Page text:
Arts & Entertainment
British rock ’n’ soul chanteuse Joan Armatrading dives ‘Into the Blues’ at 4th&B
Published Thursday, 12-Jul-2007 in issue 1020
Though largely flying under the commercial radar in the U.S., nearly three decades into her career, British vocalist Joan Armatrading remains a critical sensation – her funk, rock, jazz and folk-infused repertoire defying categorization at every turn.
Twice nominated for a Grammy Award in the best female vocalist category, Armatrading has had more than a dozen radio hits in England and, stateside, has seen eight albums chart in the top 100.
During her July 2 performance at 4th&B, the self-taught guitar virtuoso proved that, at 56, she hasn’t lost her chops one iota. Whether brandishing a steel Ovation acoustic, mandolin or Fender Stratocaster, Armatrading simply wails. Known for her intricate arrangements, her songs mine the depths of vast emotional terrain – from heart-wrenching betrayal to unbridled passion and amusing annotations on love and its myriad imperfections. Her smoky, resonant vocals fall somewhere between Nina Simone and a pre-pack-a-day Dionne Warwick.
Just one week after its May 1 release in the U.S., Armatrading’s latest CD, Into the Blues, catapulted to No. 1 on the Billboard blues chart, where it remained last week. The disarmingly warm and self-assured singer said she predicted the album’s success while on the road.
“From the 13th of February to the eighth of May, I told the audience it was going to be No. 1,” Armatrading told the Gay & Lesbian Times. “On the ninth of May, I told them it was No. 1. It had that kind of special feel to it, just like the ‘Joan Armatrading’ album did [in 1976]…. You had a feeling that something was going to work very well.”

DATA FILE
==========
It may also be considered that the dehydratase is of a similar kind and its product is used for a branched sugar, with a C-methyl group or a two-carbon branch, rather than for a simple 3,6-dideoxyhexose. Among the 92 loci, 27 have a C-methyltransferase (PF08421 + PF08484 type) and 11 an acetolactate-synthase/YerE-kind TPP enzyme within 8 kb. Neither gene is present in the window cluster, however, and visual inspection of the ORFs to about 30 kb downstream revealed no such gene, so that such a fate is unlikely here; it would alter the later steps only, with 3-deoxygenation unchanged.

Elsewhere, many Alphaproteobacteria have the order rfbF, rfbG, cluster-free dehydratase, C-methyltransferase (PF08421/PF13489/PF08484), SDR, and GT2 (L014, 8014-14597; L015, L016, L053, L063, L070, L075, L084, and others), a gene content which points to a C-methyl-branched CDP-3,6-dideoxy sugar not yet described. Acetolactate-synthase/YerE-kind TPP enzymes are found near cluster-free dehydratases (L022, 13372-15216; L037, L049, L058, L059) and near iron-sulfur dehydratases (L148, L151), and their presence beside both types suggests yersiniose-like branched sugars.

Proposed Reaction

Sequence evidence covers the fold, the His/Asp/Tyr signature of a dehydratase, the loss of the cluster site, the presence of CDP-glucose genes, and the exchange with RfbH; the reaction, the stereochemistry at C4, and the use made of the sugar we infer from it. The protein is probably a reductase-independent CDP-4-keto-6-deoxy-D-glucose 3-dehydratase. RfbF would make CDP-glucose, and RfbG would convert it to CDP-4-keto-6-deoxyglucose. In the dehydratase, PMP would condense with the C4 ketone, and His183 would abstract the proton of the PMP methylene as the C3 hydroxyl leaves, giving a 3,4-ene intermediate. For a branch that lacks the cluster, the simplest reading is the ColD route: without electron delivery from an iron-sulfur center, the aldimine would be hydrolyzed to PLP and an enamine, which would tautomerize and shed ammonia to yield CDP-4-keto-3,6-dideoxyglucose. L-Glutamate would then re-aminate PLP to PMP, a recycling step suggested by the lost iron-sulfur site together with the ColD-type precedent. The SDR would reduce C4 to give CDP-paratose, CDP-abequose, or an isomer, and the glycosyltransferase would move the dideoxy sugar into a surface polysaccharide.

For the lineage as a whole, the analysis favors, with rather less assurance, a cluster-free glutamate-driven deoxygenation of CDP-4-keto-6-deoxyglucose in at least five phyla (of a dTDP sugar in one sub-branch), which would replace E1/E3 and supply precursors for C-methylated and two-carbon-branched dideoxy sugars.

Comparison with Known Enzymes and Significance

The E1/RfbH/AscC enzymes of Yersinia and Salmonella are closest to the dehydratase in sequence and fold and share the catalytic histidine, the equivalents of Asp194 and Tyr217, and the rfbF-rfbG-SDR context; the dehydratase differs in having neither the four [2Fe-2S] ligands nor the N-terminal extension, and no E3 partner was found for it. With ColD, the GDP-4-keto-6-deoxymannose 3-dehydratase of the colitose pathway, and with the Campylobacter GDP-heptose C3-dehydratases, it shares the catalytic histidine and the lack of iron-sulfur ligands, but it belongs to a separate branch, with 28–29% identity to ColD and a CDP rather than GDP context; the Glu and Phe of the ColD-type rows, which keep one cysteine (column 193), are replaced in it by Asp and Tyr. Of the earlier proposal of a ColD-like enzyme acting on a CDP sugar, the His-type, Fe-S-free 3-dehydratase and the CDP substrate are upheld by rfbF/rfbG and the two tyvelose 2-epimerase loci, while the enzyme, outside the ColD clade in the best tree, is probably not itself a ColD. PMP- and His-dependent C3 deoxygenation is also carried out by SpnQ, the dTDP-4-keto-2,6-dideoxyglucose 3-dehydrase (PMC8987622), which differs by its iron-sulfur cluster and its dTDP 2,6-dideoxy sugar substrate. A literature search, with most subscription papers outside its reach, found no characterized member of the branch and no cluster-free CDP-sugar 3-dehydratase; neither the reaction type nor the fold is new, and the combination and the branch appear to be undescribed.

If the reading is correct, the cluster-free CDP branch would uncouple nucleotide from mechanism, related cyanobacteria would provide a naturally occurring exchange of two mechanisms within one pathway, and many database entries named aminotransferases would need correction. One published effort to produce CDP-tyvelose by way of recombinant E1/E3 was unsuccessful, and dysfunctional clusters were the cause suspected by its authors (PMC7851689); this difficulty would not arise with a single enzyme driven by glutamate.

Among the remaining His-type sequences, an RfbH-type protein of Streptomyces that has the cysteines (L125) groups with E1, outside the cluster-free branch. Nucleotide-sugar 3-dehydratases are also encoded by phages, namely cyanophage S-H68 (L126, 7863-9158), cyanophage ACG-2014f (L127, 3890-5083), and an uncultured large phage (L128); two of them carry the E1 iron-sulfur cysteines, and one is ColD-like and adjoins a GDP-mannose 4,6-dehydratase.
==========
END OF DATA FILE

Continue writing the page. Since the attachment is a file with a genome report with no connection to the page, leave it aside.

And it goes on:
An eclectic and adroitly crafted amalgam of pop, funk and rock, more inspired by the blues than rooted in 12-bar tradition, the songs on Into the Blues work exceedingly well live, as Armatrading’s four-piece band proved during their hour-long set.
Though notoriously mum about her private life, Armatrading has long maintained a strong gay and lesbian following – as evinced by the smattering of enraptured female couples in attendance. Though she skipped her tender ballad, “The Weakness in Me” (a cover of which earned Melissa Etheridge a Grammy nomination), Armatrading’s set included requisite crowd-pleasers such as the ’80s new wave hit, “Me, Myself, I,” the reverb rocker, “I Love it When You Call Me Names,” and “The Devil I Know,” a bittersweet tale of a philandering lover’s double standards, from 1988’s The Shouting Stage. Armatrading’s sexy, romantic classic, “Love and Emotion,” a profound testament to human longing, arrived early in the set with the line, “I am not in love, but I’m open to persuasion” to the audience’s delight.